Too sum up, Britain and the US were able to withstand excessive debt to GDP ratios after the Napoleonic Wars and after World War II. They were able to do this because they had bombed all their potential financial rivals into rubble. Europe today is in fiscal disarray, but it is not a smoking ruin. If Europe doesn’t fall apart, it will emerge as a tighter, more stable fiscal union, under stronger German influence. It will emerge as a ferocious competitor as a reserve currency and as a destination of international investment. When less people want our debt, the sky-rocketing interest rates Krugman laughs about in the beginning of the opinion piece will be a reality.
Debt matters. With this column Krugman ignores Europe. He ignores Japan. He ignores the history surrounding his own data sets. Either Krugman doesn’t understand debt, or he just doesn’t want you to. Paul Krugman has no idea what he’s talking about.
Rob Morris likes the drug war even less than he likes Paul Krugman’s commentary, and he talks about it here.
She is an admirable person, and a tremendous writer. Unfortunately the entire article is shot through with a standard and misguided understanding of how poverty and tax policy work in the United States. Rather than blame the folks who crafted the systems that failed her, she seems to think it’s GE’s fault. She resents the fact that entities seek to pay the smallest amount of taxes legally possible. Through a literary alchemy I don’t understand they are meant to be exemplars of the spirit of greed. Its got something to do with kindergarten and reality TV.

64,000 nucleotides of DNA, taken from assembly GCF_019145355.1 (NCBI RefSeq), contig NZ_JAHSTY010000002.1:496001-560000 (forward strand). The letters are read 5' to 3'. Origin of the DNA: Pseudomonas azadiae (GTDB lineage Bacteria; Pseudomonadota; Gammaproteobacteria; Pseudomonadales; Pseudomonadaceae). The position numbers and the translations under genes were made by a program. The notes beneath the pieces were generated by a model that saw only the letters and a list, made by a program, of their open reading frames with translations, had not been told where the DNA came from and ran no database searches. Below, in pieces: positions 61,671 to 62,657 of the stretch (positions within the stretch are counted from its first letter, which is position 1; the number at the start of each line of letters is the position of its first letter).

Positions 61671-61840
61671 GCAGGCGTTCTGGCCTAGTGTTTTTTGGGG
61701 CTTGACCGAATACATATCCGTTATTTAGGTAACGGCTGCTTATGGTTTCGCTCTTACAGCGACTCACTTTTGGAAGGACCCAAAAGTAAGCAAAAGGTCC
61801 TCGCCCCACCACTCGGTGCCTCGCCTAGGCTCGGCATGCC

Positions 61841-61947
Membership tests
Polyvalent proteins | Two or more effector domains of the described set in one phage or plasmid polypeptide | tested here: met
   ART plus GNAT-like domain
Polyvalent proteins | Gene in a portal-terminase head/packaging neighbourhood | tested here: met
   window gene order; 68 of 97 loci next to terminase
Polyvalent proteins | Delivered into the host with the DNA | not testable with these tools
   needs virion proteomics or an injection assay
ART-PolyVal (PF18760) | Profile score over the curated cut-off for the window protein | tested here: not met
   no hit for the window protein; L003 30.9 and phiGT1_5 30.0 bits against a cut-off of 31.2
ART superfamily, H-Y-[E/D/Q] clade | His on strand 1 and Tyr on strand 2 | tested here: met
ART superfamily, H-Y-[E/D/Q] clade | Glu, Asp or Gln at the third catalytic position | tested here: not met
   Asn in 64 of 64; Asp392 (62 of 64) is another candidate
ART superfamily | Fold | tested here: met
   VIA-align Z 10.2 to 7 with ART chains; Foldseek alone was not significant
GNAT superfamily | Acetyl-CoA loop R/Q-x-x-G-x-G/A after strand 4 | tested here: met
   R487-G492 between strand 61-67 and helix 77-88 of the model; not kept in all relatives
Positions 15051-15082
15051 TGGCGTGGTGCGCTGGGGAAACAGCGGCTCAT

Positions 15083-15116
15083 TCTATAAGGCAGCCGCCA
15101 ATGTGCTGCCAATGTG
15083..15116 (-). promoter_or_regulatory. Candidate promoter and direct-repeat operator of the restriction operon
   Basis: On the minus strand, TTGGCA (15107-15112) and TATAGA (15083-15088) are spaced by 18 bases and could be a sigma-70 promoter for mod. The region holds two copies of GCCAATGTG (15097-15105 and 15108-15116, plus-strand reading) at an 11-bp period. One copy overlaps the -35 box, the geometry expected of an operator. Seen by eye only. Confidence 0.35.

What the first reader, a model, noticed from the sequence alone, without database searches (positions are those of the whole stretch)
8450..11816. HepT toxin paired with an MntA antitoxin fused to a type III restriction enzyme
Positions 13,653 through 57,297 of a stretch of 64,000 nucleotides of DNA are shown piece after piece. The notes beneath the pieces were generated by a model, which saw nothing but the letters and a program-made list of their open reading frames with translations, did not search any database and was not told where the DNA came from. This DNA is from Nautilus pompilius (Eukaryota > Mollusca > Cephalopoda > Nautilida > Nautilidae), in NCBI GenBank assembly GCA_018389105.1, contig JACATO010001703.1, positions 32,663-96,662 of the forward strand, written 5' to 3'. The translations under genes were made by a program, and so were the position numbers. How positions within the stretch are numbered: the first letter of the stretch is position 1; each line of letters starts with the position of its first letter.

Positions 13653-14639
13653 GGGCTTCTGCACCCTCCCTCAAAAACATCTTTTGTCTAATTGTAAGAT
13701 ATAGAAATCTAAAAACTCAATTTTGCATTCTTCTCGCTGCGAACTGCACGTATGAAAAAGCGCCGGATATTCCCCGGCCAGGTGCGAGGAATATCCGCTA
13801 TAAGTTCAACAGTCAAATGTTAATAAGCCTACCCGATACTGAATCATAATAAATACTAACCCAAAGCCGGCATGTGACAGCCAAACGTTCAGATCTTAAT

Chadburn does some angry math in her article. Let’s do some more. The Federal budget in 2010 was 3.456 Trillion dollars on 2.2 trillion in Tax receipts. There are currently 46.2 million people under the poverty line. In tax receipts that’s $54,112 for every poor person in the country. In the budget, that’s $73,593. Many of those in poverty are looking after multiple poor children, so those in Chadburn’s magical anti-greed poverty-curing re-distribution machine should be doing pretty well.
As her article demonstrates, this is not the case. The money that gets funneled to the federal government mostly goes towards bombing things, our half-socialized and absurdly expensive medical system, and rich folks welfare like the social security system. This is where the money goes on paper. In practice, much of the money goes to government workers and contractors. These 14 million professionals use their expertise mostly to feed themselves. The security experts make us less secure, the poverty experts make us poorer. They do so subconsciously, but they do it. It is the only route to job security.
Chadburn movingly thanks the people who got her to where she is today. She thanks the teachers, the social workers, the bus drivers and the firefighters. This is an interesting list. With the exception of the social mobility enhancing military, none of these people got a dime from the federal government. These local officials could have done so much more for Chadburn and her family with another 50 grand per client. The money that could have made all the difference in the lives of Chadburn and millions of others has been building mansions for contractors in Bethesda, Maryland instead. How is that better? Why would we want to send more money to Washington to make more of this happen?